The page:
Key Performance Indicators: They’re not Data

Many marketers struggle with mapping Data to KPIs.

In other words, they want to review the reports that come in and see whether they achieved their goals. And in most cases, the data just sits there unyielding. It doesn’t tell the marketer what the marketer needs to know. It doesn’t say “here is your KPI and here is how well you did”.

Data doesn’t know what you want to know.

But that doesn’t mean you can’t get answers to your business questions.

You’ll need to put the data in context. Creating context is one of those cognitive abilities only humans have (so far). It’s a trait not unlike intuition, and relies on the combining of lots of experiential information, plus empirical data, plus what still passes for “gut” in parlance, even though we can be pretty sure even this murky sense of “what’s right” will one day be quantified by neuroscience.

“Key Performance Indicator” is a term that goes halfway towards a data definition of “why you have a web site”. Data itself has no idea, nor will it ever, why you built your site–no matter how large nor how small it is.

Think of KPI as metadata about your site. It needs to be layered on top of the reports.

Here is an example of how this mapping of KPI metadata might work. As you may begin to notice, the KPI for even a large, complex site may be rather simple, and that much of the content on the site is supportive in nature (in digital analytics, that would be called “engagement content” because it is supposed to help drive customers to perform the most important KPI, or the “conversion” event).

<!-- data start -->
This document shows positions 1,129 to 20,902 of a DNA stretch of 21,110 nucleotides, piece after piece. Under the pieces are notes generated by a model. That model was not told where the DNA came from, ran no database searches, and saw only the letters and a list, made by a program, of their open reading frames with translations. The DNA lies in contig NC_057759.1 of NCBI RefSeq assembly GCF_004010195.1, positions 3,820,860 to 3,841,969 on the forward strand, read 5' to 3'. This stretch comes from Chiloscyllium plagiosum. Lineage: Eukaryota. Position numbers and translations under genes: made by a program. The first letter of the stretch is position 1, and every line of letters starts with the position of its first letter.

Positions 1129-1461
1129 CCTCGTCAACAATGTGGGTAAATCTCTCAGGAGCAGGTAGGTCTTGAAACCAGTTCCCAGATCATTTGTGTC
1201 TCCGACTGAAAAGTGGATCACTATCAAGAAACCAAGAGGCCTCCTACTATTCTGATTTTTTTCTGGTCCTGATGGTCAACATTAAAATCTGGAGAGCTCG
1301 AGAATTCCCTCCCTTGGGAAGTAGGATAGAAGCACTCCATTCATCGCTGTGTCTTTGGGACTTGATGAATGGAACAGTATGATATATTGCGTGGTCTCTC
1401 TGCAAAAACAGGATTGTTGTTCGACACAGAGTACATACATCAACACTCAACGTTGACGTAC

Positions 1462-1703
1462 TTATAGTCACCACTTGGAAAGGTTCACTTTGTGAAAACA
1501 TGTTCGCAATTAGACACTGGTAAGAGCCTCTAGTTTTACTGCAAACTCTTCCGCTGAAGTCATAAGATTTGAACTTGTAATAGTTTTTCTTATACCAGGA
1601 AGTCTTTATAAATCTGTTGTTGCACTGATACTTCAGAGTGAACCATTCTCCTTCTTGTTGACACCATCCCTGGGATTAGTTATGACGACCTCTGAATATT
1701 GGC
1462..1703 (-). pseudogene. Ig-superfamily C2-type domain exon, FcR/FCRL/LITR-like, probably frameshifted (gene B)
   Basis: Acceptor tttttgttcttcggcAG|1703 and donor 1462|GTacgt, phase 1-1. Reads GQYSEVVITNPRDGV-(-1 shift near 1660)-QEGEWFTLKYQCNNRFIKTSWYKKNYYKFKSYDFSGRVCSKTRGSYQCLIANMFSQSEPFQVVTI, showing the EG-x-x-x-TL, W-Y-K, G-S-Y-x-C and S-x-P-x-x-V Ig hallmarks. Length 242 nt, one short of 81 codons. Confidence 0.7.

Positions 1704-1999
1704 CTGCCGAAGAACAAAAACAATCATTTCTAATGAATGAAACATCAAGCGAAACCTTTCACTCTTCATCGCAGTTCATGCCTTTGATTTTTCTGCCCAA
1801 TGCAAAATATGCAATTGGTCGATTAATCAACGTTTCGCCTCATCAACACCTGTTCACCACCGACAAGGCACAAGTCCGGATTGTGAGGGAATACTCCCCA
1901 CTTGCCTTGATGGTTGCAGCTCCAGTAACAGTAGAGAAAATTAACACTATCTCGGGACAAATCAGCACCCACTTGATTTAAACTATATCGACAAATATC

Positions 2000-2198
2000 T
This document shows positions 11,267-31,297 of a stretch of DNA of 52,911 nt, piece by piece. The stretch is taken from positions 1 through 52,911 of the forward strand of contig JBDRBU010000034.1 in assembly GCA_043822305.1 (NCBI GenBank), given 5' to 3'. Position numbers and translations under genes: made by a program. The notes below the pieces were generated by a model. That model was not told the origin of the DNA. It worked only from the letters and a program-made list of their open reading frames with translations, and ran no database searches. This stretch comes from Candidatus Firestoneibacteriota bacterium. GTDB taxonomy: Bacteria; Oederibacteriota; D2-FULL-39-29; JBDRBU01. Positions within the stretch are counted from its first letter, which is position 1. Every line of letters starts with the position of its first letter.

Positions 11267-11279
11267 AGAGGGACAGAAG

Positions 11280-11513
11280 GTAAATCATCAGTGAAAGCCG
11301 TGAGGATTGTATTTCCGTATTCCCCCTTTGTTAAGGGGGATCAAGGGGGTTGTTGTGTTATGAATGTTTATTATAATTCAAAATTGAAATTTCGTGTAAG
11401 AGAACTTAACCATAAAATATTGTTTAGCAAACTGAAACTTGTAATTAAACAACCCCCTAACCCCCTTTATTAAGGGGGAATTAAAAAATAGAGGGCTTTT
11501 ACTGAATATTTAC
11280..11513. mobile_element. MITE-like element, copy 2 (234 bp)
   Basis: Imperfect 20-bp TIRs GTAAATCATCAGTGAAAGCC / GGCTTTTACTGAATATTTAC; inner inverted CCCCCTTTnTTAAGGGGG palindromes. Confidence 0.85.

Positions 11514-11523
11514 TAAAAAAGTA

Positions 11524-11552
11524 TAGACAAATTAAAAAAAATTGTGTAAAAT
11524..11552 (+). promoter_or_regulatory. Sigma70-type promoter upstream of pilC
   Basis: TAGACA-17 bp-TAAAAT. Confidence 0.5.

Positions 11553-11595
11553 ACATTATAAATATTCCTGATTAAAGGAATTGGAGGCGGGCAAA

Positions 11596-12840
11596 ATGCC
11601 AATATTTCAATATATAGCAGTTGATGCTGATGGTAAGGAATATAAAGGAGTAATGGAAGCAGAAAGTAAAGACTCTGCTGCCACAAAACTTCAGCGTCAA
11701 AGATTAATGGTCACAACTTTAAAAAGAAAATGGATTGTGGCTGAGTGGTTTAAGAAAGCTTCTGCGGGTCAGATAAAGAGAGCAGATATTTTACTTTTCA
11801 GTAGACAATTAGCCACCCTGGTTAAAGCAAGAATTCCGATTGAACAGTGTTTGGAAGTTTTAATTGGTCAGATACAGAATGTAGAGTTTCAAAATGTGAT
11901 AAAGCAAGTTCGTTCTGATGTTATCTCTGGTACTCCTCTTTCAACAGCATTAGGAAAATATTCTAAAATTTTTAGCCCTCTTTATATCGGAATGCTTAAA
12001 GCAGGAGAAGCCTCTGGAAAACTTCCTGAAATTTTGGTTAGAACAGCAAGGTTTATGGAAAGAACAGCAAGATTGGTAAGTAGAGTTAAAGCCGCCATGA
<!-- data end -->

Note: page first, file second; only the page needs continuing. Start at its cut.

Let’s say your site wants to disseminate content about different topics your company has deemed important–or that your company wants to develop certain ideas based on some content popularity metrics.

Much of the work lies in reducing the ratio of signal to noise in your data. In other words, for this exercise, you will want to focus on certain reports while ignoring everything else (analytics tools are very good at giving you much more data than you need and burying what you want).

For the sake of this exercise, let’s say the concepts you are market-testing reside in a pdf or other downloadable format.

What you will want to look at is the following:

reports that indicate which campaigns drove the most traffic to your “pdf section” (for instance)–possibly a landing page

reports that indicate which campaigns drove traffic that moved beyond the landing page and got to the download page

reports that tell you how many times a particular asset got downloaded, and which ones were the most popular

So out of thousands of possible reports, we have isolated just a few.

And they will not necessarily be sitting in a single dashboard. You may have to go find them.

Then, in order to describe them to others as KPIs, you’ll have to extract the data from them and create a story to tell.

That story (supported by charts or visuals) might read something like this:

Our most popular pdf was “Comparing Icebergs to Big Data”.

The campaign most successful at driving traffic to this pdf was called “Don’t Get Sunk in Oceans of Data”.

We should devote more resources to our consulting offering about the dangers of mishandling Big Data.

We should come up with another campaign that calls to mind disaster on the high seas.

Of course I have oversimplified. But decoupling what you want to know from actual reports; and finding reports that answer your business questions is an exercise that, at least until robots replace nearly all of us, can only be made by a human observer exercising some fairly straightforward powers of observation and deduction.


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